Sexist Contraceptives Debate Inherently Ridiculous
Sophia Bollag, Managing Editor
March 9, 2012
In January, the Obama administration proposed a rule requiring all businesses, including Catholic ones, to provide insurance coverage of the birth control pill to employees. Ever since, debate about coverage and usage of the pill has dominated the 2012 presidential race. Members of Congress and media organizations have held highly publicized all-male panels to show the administration’s rule infringes on the rights of Catholics who believe birth control inhibits the will of God.
What these contraceptives discussions have been missing (aside from women) is any mention of the other incredibly popular pharmaceutical drug that affects reproduction: Viagra.
There is really no good reason why men who take so much offense to birth control are making no argument whatsoever against Viagra, an erectile dysfunction drug covered by practically every employee insurance plan in the country. Viagra and other ED drugs are almost as effective in causing pregnancy as the pill is in preventing it. So how is it that God’s plan can accommodate Viagra, but not the pill?
There is clearly a double standard when it comes to medical coverage of drugs affecting reproduction. The pill is a fairly simple pharmaceutical, its active ingredient being synthetic estrogen. When it was approved for contraceptive use in the United States in 1960, it was considered a victory for women’s rights in large part because it allowed women to be more active members of the workforce by reducing pregnancy rates and subduing symptoms of premenstrual syndrome that had previously forced some women to miss work every month. For anyone to suggest that a woman experiencing a week of pain and internal bleeding is less deserving of medical treatment than a man who’s having trouble getting it up is offensive.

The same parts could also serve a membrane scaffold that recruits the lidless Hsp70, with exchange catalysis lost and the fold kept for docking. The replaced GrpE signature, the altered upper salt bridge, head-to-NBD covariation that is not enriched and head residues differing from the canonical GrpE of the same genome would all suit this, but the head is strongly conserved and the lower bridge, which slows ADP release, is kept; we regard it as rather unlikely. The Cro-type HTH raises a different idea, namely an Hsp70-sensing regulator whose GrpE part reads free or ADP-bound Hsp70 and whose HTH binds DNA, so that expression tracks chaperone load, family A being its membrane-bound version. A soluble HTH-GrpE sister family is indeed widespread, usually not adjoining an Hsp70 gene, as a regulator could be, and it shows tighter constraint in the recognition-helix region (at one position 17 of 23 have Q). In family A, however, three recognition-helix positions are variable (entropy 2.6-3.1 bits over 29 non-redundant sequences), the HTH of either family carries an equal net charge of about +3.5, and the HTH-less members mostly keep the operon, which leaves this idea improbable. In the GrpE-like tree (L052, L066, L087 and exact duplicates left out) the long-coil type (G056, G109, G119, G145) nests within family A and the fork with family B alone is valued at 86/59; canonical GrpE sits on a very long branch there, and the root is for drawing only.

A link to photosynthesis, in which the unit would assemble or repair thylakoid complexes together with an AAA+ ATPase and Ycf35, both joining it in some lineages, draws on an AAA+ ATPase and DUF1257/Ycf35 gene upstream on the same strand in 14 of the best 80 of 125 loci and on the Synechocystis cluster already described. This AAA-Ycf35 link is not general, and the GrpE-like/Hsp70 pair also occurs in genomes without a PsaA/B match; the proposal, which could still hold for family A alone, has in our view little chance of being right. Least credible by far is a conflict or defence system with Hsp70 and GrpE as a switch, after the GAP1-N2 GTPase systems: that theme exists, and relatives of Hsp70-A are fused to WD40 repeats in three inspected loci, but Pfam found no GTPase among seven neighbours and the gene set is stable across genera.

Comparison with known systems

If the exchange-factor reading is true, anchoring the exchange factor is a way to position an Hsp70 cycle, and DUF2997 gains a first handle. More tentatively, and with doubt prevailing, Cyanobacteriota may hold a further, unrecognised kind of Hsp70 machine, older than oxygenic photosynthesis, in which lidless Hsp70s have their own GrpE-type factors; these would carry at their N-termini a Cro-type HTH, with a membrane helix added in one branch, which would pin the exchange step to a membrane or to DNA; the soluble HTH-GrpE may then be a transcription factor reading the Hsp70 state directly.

However, many politicians nationwide, most of them male, most of them Republican, and most notably presidential candidate Rick Santorum, are inadvertently doing just that. If a politician were to suggest companies stop providing coverage of Viagra in employee health plans, they would justly be laughed out of the race. We should hold politicians who call for the same thing with regards to birth control to the same standard.
The current administration’s rule does not force anyone to take birth control against their will, but simply ensures that it be available to those who choose to take it. It is therefore an affirmation of personal freedom, not a restriction of it. Opponents to the rule should quit while they are ahead, before someone starts demanding the government take away their Viagra.